au revoir tai hang!

I am finally moving out of this old city hood into the central new territories, a special kind of mountainous suburbia close to my new university, The Chinese University of Hong Kong. I highly recommend life in Tai Hang but the human electricity that runs through ieventually catches up with you–the frantic mobs, the noises all around, the mammoth constructions left, above, underneath you and to the right. Tai Hang faces the destruction of old Hong Kong and hyper inflation of all real estate. It takes place right before your celestial eyes. If one could just be like the Roman emperor Nero who even observed his city go up in flames and kept singing along  “burn baby burn….burn burn baby burn.”

Tai Hang Fire Dragon

Yesterday night the rain cleared and the fired dragon danced around  in the streets of old Tai Hang for many hours. People seemed very happy to carry the dragon (made of thousands of burning incense sticks) despite the unstable weather conditions earlier on. If you read about the history of the dragon below, you will understand why it was important for the dragon to chase away the squally typhoon air. This is a kind of powerful trance ritual that is hard to find in this glitzy city & hopefully will stay despite the  the real estate overhaul.

“Back in the days when land reclamation had not pushed the shoreline so far away, Tai Hang was a small fishing village with just a few hundred inhabitants. In 1880, a few days before the Mid-Autumn Festival, it was lashed by a powerful storm – some versions of this legendary story say a typhoon – that devastated the waterfront hamlet. Around the same time, a large serpent entered the village and was killed by some of the residents. Shortly afterwards, plague and cholera broke out in Tai Hang, leading to the deaths of over 10 individuals. One night, a village elder was visited in a dream by the Buddha – though, appropriately for an area home to a beautiful Lin Fa Kung (Palace of the Golden Flower) temple dedicated to her, some versions state the message came via Kwun Yum, the Goddess of Mercy – and learnt that the serpent beaten to death in Tai Hang had been none other than the son of the consequently wrathful Dragon King. As that aquatic monarch was afraid of fire, Tai Hang’s residents were instructed to make a fire dragon and dance through the streets with it. Which they promptly did and successfully rid themselves of both Dragon King and the diseases. And they have continued the ceremony with much gusto every year since – bar for the troubled times when Hong Kong was under Japanese occupation, and during the 1967 disturbances.””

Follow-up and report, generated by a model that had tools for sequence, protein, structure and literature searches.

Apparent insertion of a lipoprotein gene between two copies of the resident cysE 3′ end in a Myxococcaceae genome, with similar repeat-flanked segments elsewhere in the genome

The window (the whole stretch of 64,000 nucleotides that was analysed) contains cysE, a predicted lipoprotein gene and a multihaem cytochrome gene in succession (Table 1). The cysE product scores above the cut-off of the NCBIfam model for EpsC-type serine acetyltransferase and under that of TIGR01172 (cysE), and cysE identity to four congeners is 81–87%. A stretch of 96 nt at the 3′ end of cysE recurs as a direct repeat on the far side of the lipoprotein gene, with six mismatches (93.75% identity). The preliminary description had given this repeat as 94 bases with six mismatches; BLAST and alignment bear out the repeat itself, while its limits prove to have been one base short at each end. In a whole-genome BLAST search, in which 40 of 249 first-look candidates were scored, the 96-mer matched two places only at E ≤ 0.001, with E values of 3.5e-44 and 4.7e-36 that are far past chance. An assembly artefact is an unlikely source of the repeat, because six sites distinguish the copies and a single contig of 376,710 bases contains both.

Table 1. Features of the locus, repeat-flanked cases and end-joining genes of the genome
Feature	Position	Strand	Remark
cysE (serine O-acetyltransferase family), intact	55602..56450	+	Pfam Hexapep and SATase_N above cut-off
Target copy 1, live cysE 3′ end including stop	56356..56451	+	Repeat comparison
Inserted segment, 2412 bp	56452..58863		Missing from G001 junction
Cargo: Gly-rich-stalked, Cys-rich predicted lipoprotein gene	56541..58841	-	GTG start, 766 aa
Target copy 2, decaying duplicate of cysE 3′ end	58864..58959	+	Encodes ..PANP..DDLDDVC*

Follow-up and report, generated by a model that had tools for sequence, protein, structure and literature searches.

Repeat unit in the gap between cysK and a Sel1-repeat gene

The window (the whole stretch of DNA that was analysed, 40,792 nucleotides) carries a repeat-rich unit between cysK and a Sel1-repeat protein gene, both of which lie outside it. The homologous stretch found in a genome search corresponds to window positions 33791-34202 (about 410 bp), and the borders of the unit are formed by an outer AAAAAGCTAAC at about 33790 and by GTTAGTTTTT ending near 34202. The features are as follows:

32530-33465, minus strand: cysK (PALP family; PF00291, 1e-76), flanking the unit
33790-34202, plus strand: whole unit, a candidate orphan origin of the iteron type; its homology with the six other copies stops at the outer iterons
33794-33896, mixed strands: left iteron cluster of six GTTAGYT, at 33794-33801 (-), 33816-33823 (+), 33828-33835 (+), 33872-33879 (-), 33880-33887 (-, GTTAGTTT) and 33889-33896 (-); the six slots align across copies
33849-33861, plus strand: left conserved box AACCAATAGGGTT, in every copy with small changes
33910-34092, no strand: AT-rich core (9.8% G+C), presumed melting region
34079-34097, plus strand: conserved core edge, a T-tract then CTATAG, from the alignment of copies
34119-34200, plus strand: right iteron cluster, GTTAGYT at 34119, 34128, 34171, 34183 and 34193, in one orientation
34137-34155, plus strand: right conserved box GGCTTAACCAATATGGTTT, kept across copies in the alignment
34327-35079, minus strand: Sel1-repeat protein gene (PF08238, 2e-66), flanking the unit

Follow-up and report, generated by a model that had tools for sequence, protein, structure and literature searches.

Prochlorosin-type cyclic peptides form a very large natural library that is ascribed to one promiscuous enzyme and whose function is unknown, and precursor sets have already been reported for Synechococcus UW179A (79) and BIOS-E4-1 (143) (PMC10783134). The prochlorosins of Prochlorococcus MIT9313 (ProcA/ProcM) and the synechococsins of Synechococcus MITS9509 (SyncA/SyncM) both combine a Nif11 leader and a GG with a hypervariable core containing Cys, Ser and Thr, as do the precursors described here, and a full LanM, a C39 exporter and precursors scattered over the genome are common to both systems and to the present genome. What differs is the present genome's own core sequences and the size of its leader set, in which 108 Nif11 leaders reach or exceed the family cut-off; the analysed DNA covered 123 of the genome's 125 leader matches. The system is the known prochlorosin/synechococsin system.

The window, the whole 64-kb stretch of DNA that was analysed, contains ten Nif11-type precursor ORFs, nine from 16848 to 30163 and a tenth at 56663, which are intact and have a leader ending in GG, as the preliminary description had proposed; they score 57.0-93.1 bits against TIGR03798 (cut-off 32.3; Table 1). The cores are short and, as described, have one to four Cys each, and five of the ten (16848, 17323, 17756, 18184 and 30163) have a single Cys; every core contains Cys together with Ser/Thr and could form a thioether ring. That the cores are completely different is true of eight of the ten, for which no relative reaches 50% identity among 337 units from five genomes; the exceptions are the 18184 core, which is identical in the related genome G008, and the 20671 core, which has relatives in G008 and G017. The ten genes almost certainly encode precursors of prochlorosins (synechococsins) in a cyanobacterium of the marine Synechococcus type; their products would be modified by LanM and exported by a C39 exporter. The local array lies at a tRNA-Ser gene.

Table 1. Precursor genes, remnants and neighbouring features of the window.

Back in the days when land reclamation had not pushed the shoreline so far away, Tai Hang was a small fishing village with just a few hundred inhabitants. In 1880, a few days before the Mid-Autumn Festival, it was lashed by a powerful storm – some versions of this legendary story say a typhoon – that devastated the waterfront hamlet. Around the same time, a large serpent entered the village and was killed by some of the residents. Shortly afterwards, plague and cholera broke out in Tai Hang, leading to the deaths of over 10 individuals.

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